Each availability zone in a VPC looks like a contiguous subnet, which means that all the calico nodes within that AZ should be able to directly connect to each other. However, the VPC routing still checks IP addresses, by default. Since the VPC has a limit of how many routes it can have in its routing table, we can’t tell the VPC about the pod’s addresses. So, you need to turn off that address checking. Amazon has published instructions on how to do that here. A synopsis, however, is to do the following:
To disable source/destination checking using the console
Once you have done that, all of the Calico nodes will establish direct network connections between one another within each AZ. Traffic will be flowing without the need for any overlay. Hoorah!
But the idea is to have a single cluster that spans multiple AZs. Since those are separate subnets, there needs to be a router between them, which Amazon provides. However, that router can not handle the number of routes that are necessary in a Kubernetes cluster. No fear, however, Calico can fix that.
You need to switch on IP-IP encapsulation, but only for traffic that crosses subnet boundaries. This has been supported in Calico for a while. You do that change the configuration of your Calico pool. The instructions for doing so can be found in the Calico documentation set. The key is that you set the ipip enabled flag, and set it to use the cross-subnet mode. An example yaml file to do that is below:
$ calicoctl apply -f - << EOF apiVersion: v1 kind: ipPool metadata: cidr: 192.168.0.0/16 spec: ipip: enabled: true mode: cross-subnet EOF
Now, Kubernetes traffic within a single AZ is native (not encapsulated), and traffic between AZs is encapsulated over the AZ boundary — all automatically.
Lastly, you may need to access resources outside of your cluster, say on the public Internet. Since your cluster is probably using private address space, that egress traffic will have to be NATed. Again, Calico has an automatic mechanism to do that, where the NAT is performed on the node itself, automatically. To enable that feature, again, look at the Calico documentation, but the yaml configuration statement is listed below:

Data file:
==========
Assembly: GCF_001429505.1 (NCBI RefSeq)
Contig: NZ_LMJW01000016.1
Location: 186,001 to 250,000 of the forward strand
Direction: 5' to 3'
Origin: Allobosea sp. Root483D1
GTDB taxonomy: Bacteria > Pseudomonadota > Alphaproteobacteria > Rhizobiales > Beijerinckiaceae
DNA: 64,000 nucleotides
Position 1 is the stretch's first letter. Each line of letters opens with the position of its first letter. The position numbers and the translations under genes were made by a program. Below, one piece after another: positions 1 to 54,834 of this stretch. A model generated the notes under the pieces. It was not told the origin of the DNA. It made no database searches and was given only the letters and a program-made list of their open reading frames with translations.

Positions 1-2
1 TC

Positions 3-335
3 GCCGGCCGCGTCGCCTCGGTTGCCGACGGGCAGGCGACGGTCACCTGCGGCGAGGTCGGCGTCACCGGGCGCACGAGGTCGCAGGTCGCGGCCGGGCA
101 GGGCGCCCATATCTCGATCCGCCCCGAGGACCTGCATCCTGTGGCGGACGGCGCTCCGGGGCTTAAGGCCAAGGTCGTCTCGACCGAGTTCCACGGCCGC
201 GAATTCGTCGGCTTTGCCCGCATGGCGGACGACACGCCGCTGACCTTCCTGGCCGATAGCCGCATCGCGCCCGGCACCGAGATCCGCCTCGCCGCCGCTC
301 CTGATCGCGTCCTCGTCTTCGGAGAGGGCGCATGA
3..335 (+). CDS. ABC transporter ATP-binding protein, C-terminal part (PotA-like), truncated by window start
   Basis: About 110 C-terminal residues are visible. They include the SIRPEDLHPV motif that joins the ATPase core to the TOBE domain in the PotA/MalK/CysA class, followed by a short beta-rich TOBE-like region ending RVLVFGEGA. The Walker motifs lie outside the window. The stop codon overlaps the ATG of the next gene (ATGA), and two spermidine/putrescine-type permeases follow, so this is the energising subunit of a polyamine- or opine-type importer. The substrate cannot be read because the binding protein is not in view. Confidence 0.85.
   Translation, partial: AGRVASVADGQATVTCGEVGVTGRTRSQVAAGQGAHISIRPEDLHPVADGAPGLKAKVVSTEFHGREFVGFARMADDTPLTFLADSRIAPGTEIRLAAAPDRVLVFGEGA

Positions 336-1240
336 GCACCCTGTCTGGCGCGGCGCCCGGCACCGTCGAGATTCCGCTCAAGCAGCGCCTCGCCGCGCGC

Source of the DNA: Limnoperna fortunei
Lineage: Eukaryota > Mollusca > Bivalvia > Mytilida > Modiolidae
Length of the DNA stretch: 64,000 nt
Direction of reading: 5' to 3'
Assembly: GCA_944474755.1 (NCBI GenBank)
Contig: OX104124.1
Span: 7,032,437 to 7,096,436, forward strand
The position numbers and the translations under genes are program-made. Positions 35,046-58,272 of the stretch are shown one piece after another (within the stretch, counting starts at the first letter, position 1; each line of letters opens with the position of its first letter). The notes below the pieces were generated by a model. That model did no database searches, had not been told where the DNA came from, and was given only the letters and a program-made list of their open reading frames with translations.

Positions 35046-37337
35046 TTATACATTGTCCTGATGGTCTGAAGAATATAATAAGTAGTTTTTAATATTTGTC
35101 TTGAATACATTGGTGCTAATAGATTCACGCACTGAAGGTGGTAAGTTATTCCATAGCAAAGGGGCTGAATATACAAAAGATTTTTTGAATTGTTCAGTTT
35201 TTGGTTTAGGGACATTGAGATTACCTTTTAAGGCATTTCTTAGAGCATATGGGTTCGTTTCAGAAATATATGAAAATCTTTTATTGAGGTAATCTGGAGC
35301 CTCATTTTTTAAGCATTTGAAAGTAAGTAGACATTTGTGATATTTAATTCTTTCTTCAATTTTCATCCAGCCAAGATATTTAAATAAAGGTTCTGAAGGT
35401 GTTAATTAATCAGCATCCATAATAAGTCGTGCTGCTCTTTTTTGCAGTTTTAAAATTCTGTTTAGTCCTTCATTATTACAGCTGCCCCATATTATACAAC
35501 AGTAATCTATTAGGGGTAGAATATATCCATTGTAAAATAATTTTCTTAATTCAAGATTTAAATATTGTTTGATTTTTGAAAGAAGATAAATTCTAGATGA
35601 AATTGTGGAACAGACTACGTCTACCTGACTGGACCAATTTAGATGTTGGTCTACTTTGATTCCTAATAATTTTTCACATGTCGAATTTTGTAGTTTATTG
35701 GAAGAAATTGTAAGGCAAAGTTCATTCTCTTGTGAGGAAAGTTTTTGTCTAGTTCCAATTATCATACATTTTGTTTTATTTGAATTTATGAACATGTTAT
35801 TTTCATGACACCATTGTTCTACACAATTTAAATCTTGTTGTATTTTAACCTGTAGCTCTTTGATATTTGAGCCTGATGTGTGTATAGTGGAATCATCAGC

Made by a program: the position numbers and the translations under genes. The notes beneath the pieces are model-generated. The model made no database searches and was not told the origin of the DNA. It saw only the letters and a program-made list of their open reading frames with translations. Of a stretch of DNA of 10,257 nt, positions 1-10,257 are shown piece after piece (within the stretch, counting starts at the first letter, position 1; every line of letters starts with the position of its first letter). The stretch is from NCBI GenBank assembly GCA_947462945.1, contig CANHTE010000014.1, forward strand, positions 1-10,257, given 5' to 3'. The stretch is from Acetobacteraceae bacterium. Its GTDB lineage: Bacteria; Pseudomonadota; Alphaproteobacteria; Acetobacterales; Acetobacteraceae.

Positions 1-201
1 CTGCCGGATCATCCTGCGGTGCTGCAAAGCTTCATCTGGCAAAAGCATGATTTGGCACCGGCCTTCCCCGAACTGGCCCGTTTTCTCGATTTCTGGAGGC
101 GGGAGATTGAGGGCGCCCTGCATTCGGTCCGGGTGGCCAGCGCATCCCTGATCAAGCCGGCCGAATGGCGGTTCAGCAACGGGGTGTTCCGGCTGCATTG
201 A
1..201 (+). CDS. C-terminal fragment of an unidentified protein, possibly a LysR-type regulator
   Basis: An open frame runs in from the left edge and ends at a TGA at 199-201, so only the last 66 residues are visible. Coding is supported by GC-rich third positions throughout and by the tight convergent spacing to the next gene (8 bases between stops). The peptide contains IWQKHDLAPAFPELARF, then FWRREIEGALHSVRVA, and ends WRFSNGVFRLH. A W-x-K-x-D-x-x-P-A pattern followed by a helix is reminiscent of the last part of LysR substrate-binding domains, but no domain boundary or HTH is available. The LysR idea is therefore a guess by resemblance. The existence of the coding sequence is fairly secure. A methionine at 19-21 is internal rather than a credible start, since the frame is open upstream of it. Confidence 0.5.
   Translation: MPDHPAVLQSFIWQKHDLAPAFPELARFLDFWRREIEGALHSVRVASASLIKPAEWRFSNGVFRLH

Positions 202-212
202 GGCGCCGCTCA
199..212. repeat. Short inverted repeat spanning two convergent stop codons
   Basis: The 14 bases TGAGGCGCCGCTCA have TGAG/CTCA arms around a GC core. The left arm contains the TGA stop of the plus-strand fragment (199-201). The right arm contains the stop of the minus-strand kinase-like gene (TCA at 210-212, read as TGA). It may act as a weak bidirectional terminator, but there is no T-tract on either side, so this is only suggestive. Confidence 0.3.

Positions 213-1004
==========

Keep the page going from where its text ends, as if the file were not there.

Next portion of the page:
$ calicoctl apply -f - << EOF apiVersion: v1 kind: ipPool metadata: cidr: 192.168.0.0/16 spec: ipip: enabled: true mode: cross-subnet nat-outgoing: true EOF
At this point, your Kubernetes cluster is communicating within the cluster in the most efficient manner possible, and is able to reach the outside world. Your connectivity issues are all sorted.
Now that you have your pods talking to each other, and the outside world, you probably want to start securing them. I’ve blogged on the concept of micro-segmentation in a container world in a two part series here and here, so I won’t repeat myself. However, the key thing to keep in mind is that Project Calico’s network policy capabilities are fully functional, no matter how it is deployed. That means that all of the fine-grained, application centric policy mechanisms that Calico is known for are now available to you by using Calico as your networking layer for Kubernetes on AWS.
A number of our customers are looking at AWS’s Transit VPC to interconnect multiple VPCs, and often their on-premise infrastructure as well. Transit VPCs use the same routing technology (BGP) that Calico does, meaning that Calico can run natively over that transit infrastructure even back to your private cloud.
It is almost a certainty that Amazon will continue its pace of innovation in the cloud infrastructure space, so one can only assume that the networking capabilities of AWS will continue to evolve, and possibly become even more container-aware than they already are. Due to the flexibility of Calico’s networking model, it is almost guaranteed that even if the AWS networking model changes, your Calico installation, and all of the policy enforcement that you have come to rely on will still continue to work, on AWS now, on AWS in the future, and wherever else you decide to deploy Kubernetes.